Advocacy Update

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In This Issue:

The CAP has long advocated for cutting-edge laboratory technology standards with the Centers for Medicare & Medicaid Services (CMS). With rapid changes in technology and integration of the health care delivery system, clinical laboratories are an integral part of the health systems. The CAP participated at the November meeting of the Clinical Laboratory Improvement Advisory Committee as the CAP sought to ensure regulations keep up with new and emerging technologies.

As a leader in laboratory quality and advocacy, the CAP delivered a statement regarding guidance for bioinformatic and emerging technologies.

Next-Generation Sequencing (NGS) – Bioinformatics 

The CAP is dedicated to assuring the accuracy of next-generation sequencing (NGS)-based testing in clinical laboratories through its accreditation and proficiency testing programs. In ensuring the accuracy and reliability of NGS testing, the CAP requested that updated “CLIA certification should be required of any organization performing portions of [NGS] testing process.” Moreover, to ensure the accuracy of NGS tests, the CAP urged the CMS to revise CLIA personnel requirements for bioinformaticists, as these roles need a specialized expertise.

Emerging Technologies

New and emerging laboratory technologies and nontraditional testing workflow models have increased dramatically in clinical laboratory testing. In the statement, the CAP outlined how the organization’s Accreditation Program works to update the checklist to reflect advances in NGS technology. “Since 2012, the CAP revised the NGS checklist items six times to add recommended metrics and quality control parameters for this dynamic field. However, “under the current regulatory standards, clinical laboratories are unable to test their total test system if a portion of the tests is performed in a distributive testing model, making it difficult to assess the complete process and discourages a good quality indicator.”

The CAP urges the CMS to create new CLIA standards for emerging technologies.

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The Maryland Society of Pathologists (MSP) and the CAP asked the state’s insurance department to consider adding critical hospital-based physicians into their insurance networks. The MSP, along with the American College of Radiology, and the CAP, urged the Maryland Insurance Administration to amend a 2017 network adequacy rule to ensure it includes pathologists, radiologists, and other critical hospital-based physician specialties. This is the second time that the Maryland’s Insurance Administration is considering this regulation.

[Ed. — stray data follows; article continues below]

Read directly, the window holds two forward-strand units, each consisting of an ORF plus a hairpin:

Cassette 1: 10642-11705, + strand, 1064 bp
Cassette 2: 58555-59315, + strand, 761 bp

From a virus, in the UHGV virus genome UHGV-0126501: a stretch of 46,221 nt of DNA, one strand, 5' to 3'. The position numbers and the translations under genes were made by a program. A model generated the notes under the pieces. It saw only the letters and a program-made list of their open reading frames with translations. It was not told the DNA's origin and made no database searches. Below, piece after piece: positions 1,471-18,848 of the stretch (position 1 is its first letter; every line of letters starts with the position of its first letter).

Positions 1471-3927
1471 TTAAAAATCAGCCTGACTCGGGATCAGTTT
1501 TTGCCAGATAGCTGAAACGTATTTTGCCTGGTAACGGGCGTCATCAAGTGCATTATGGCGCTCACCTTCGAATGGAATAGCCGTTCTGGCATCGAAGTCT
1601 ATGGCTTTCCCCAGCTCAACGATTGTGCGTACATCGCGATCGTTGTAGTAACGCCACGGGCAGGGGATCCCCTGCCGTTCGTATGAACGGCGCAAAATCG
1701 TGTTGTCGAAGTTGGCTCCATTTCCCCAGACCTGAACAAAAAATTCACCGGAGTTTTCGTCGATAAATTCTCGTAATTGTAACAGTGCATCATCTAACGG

“It is important to underscore patient advocacy group support for holding insurance plans accountable for hospital-based physician network adequacy. As evidence of this support, we are submitting the attached National Declaration On Patient Access, endorsed by numerous national patient advocacy groups and multiple physician organizations. This document unequivocally calls upon state and federal regulators to adopt requirements to assess health plan network adequacy for patient access to in-network hospital and facility-based specialty physicians,” the groups stated in its November 4 comments submitted to the Associate Commissioner for Life and Health David Cooney at the Maryland Insurance Administration. The groups also cited comments submitted to the agency in 2017 by the office of the Maryland Attorney General.

Several states, including New Hampshire, Washington, and Louisiana, have adopted network adequacy provisions that specifically include the hospital-based physician specialties.

The CAP will continue to follow developments on this proposal.

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Members from the Virginia Society of Pathologists will receive an update from CAP Economic Affairs Committee Chair Stephen Black-Schaffer, MD, FCAP, on federal and state advocacy on November 16.

To strengthen the profession of pathology at the local level, the CAP supports state pathology societies to bolster advocacy efforts on issues such as private insurance, billing, and scope of practice. The CAP’s leaders also directly speak and visit with pathologists at several state pathology society meetings throughout the year.

On November 16, Dr. Black-Schaffer will review the CAP’s advocacy efforts to enact federal surprise billing legislation, protect the value of pathology services, and the upcoming Pathologists Leadership Summit, among other topics.

Check our state pathology societies webpage for more information about support the CAP provides to state societies.

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The CMS published the final the 2020 Medicare Physician Fee Schedule and the Quality Payment Program regulations, which will affect payment for pathology services in 2020. The CAP hosted a webinar where experts reviewed the final regulation changes that will impact your pay, your practice, and your participation in the Merit-based Incentive Payment System (MIPS).

Missed the webinar? Check out the recording and download the slides.

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Join over 50 of your fellow CAP members who have already taken the November Advocacy News Quiz. See how you compare to your fellow CAP members by sharing your results on social media.

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